Signal processing means decomposing a signal into simpler components. Two categories of signal processing methods are in common usage, Harmonic Analysis and
Singular Value Decomposition. They differ on the basis of their interpretability, that
is, whether the building blocks of the original signal are known in advance. When a
set of (simple) functions may be defined to decompose a signal into simpler components, this is Harmonic Analysis, e.g. Fourier analysis. When this is not possible
and instead a set of generic (unknown) data-derived variables must be defined, this
is Singular Value Decomposition, e.g. Principal Component Analysis (PCA). PCA
is the most frequently used so let us discuss this method first.
Singular Value Decomposition (e.g. PCA)
An observation (a state) in a multivariable space may be seen as a point in a multidimensional coordinate system where each dimension corresponds to one variable.
The values of each variable for a given observation are thereby the coordinates of
this point along each of these dimensions. Linear algebra is the science that studies
properties of coordinate systems by leveraging the convenient matrix notation,
where a set of coordinates for a given point is called a vector and the multivariable
space a vector space. A vector is noted (x1, x2, …, xn) and contains as many entries
as there are variables (i.e. dimensions) considered in the multivariable space.
A fundamental concept in linear algebra is the concept of coordinate mapping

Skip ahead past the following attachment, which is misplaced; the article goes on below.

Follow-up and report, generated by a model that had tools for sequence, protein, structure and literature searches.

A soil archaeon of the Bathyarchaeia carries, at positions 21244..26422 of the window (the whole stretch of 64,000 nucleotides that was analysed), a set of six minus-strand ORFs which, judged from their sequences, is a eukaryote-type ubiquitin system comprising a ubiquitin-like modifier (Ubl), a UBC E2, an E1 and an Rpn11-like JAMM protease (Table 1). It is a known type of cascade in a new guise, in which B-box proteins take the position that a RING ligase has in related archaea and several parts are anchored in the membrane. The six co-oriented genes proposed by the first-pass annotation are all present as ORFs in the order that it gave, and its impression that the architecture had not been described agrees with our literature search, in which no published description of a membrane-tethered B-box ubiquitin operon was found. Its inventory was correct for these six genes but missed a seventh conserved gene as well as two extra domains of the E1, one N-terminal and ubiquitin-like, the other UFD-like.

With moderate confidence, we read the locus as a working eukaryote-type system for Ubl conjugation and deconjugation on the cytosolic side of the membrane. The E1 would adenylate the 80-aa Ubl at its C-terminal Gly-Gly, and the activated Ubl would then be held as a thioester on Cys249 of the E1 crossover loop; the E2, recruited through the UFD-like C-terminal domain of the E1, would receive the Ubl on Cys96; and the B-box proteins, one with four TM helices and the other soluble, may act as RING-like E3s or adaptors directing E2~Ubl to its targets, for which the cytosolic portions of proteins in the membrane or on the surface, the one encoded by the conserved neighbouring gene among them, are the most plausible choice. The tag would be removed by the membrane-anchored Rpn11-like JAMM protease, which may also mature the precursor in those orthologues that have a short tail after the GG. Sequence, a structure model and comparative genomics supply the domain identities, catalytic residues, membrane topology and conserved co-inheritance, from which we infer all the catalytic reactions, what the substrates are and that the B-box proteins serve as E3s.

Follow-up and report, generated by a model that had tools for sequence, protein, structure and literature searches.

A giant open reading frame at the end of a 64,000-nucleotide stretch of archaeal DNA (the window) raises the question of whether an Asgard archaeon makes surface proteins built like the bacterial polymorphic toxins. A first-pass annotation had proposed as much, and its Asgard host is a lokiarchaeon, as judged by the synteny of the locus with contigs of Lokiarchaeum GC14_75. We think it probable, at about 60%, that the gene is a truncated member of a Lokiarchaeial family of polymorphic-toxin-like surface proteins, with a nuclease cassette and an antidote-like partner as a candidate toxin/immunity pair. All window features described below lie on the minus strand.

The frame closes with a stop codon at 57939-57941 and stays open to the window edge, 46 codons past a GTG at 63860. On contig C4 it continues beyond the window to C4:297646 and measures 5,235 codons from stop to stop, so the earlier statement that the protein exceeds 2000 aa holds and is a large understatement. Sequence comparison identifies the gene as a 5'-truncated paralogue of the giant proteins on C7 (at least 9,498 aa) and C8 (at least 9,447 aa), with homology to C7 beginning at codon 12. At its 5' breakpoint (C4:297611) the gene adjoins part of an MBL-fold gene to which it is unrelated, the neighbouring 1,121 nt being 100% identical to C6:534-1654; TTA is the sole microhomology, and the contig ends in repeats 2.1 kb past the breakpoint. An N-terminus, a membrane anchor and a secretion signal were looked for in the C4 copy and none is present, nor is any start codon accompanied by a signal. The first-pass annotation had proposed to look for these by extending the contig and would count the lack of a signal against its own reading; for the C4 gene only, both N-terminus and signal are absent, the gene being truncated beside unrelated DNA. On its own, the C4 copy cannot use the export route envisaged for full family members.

(also called isomorphism), i.e. the one-to-one linear transformation from one vector
space onto another that permits to express a point in a different coordinate system
without changing its geometric properties. To illustrate how useful coordinate mapping is in business analytics, consider a simple 2D scatter plot where one dimension
(x-axis) is the customer income level and the second dimension (y-axis) is the education level. Since these two variables are correlated, there exists a direction of
maximum variance (which in this example is the direction at about 45° between the
x- and y-axes because income- and education-levels are highly correlated).
Therefore, rotating the coordinate system by something close to 45° will align the
x-axis in the direction of maximum variance and the y-axis in the opposite, orthogonal direction of minimum variance. Doing so defines two new variables (i.e. dimensions), let us called them typical buyer profile (the higher the income, the higher the
education) and atypical buyer profile (the higher the income, the lower the education). In this example the first new variable will deliver all information needed in
this 2D space while the second new variable shall be eliminated because its variance
is much, much smaller. If your client is BMW, customer segments that might buy the
new model are likely highly educated and financially comfortable, or poor and
poorly educated, or in-between. But highly educated and financially poor customers
are rare and unlikely to buy it, and even though poorly educated yet rich customers
are certainly interested in the BMW brand, this market is even smaller. So the second
variable may be eliminated because it brings no new information except for
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89